Americans have been watching television commercials for more than 50 years. Pretty soon, commercials will be watching them.
Cable and satellite giants are installing technology that will enable them to zap targeted TV commercials to different homes based on the occupants' age, gender, ethnicity, income and other personal details, including what shows they watch.
If neighbors are watching "West Wing" at the same time, the household with young parents will see an ad for Pampers diapers, while the retirees next door learn about the bonding strength of Fixodent. Wealthy homeowners might get ads for Nordstrom, while lower-income renters see commercials for Wal-Mart. Chevrolet could tout Corvettes to single men and Suburbans to families with kids.
Eventually, companies hope to refine the technology to target different viewers in the same family. They might send ads for the new PlayStation 2 to the teenager's room while reserving the life insurance pitch for mom and dad in the den.
AT&T;, the nation's biggest cable operator, plans to test such "addressable advertising" this fall on 30,000 customers in Aurora, Colo., who have upgraded to digital cable, which makes the targeting technology possible.
Other cable and satellite firms, including Cox Communications and Time Warner, are expected to follow with their own pilots. If all goes well, software developers predict large-scale roll-outs of targeted TV ads could begin next spring.
But will consumers embrace the technology as a convenience or view it as an invasion of their privacy?
The cable industry is betting that consumers will focus on the pluses, much as they have embraced supermarket loyalty cards that track their purchasing habits in exchange for discounts and coupons on products they frequently buy.
"If I told my male friends they'd never have to look at another tampon commercial, they'd say, 'Sure. Here's my information. Sign me up,' " said Vicki Lins, a senior vice president at Los Angeles-based Adlink, which is developing addressable advertising in Southern California.
Adlink already allows advertisers to target individual neighborhoods. It helped S.C. Johnson Wax send TV ads for flea and tick spray to Southern California beach communities at the same time that it was airing ant and roach commercials in urban areas.
But Jeff Chester, president of the Center for Digital Democracy in Washington, an organization that analyzes new information technologies, worries that addressable advertising and other interactive features will allow cable companies to amass invasive profiles on what consumers watch and what they buy, perhaps without their knowledge.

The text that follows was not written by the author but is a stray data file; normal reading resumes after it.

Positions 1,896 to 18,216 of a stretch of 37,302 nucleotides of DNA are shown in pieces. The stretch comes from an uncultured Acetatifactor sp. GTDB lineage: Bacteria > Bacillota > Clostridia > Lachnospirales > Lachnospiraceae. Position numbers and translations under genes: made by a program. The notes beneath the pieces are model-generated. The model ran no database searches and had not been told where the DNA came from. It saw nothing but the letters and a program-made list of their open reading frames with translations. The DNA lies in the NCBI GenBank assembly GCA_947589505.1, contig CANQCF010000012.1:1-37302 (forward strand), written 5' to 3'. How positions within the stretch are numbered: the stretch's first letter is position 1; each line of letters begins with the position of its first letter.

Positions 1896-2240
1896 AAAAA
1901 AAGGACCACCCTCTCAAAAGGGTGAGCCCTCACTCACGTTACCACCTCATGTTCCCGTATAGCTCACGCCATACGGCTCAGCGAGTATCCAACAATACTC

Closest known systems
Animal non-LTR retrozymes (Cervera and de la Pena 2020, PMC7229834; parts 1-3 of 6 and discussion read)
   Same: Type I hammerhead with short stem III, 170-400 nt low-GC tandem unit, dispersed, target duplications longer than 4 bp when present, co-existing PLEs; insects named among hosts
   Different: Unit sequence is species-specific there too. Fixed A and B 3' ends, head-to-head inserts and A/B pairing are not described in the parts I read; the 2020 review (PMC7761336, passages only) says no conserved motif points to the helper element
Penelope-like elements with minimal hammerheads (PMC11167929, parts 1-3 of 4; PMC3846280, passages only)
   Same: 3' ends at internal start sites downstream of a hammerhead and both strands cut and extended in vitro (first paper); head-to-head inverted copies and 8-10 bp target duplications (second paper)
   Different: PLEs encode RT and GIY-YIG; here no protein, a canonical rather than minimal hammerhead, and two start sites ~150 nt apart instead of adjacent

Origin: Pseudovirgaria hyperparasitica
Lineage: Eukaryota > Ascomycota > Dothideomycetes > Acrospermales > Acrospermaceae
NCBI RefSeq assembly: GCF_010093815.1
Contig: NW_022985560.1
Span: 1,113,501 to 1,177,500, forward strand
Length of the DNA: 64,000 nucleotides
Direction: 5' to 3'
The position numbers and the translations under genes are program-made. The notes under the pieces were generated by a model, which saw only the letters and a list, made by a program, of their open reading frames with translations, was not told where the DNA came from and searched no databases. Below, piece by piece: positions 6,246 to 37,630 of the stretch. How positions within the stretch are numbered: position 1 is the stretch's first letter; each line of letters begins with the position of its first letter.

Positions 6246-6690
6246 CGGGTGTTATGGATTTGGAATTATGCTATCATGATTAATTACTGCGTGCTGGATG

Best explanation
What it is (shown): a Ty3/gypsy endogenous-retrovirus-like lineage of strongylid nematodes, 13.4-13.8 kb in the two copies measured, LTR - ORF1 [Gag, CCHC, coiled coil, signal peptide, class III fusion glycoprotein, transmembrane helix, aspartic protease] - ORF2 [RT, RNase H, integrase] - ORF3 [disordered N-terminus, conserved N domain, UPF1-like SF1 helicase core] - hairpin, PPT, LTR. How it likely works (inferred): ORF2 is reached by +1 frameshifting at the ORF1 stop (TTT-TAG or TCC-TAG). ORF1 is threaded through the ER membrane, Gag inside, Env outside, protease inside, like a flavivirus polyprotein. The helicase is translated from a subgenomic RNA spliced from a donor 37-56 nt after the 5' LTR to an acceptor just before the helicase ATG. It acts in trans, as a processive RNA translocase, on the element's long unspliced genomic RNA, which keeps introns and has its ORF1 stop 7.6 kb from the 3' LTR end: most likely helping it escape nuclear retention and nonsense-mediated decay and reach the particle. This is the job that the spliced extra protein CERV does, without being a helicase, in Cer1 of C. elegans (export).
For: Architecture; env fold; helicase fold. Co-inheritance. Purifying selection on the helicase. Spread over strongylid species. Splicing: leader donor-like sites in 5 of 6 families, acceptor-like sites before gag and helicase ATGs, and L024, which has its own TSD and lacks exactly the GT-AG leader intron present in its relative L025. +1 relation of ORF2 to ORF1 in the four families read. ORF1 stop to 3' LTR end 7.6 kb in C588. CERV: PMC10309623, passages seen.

"These set-top surveillance systems are being deployed without a public debate, and viewers may not understand what kind of information is being collected or how it's used," Chester said. "We're creating a dossier society."
Chester noted that cable companies also would be able to monitor when a household's television set is turned on, giving them information about when customers are likely to be at home.
He said Congress needs to tighten federal cable laws to ensure that companies cannot collect any kind of information about subscribers without first clearly disclosing their practices and getting their subscribers' approval.
Under the 1984 Cable Communications Policy Act, cable operators must disclose annually what type of personally identifiable information they collect about subscribers and obtain approval before sharing it. How the law would apply to customer information used internally by a cable company remains unclear.
Others say sending different TV ads to different households, particularly based upon factors such as ethnicity and income, would further divide American society. "For all its problems, television has been one of the greatest impetuses in unifying language and culture," said Robert Gnaizda, policy director at the Greenlining Institute, a San Francisco-based consumer group that battles redlining and other discriminatory practices. "If you start segmenting everyone, we may lose that."
Companies May Offer Incentives
Cable and advertising officials insist that they are moving slowly with the new technology and vow to seek customers' permission before sharing any personal information with outside companies. Some companies may offer incentives, such as monthly rebates or premium channels, to those who sign up.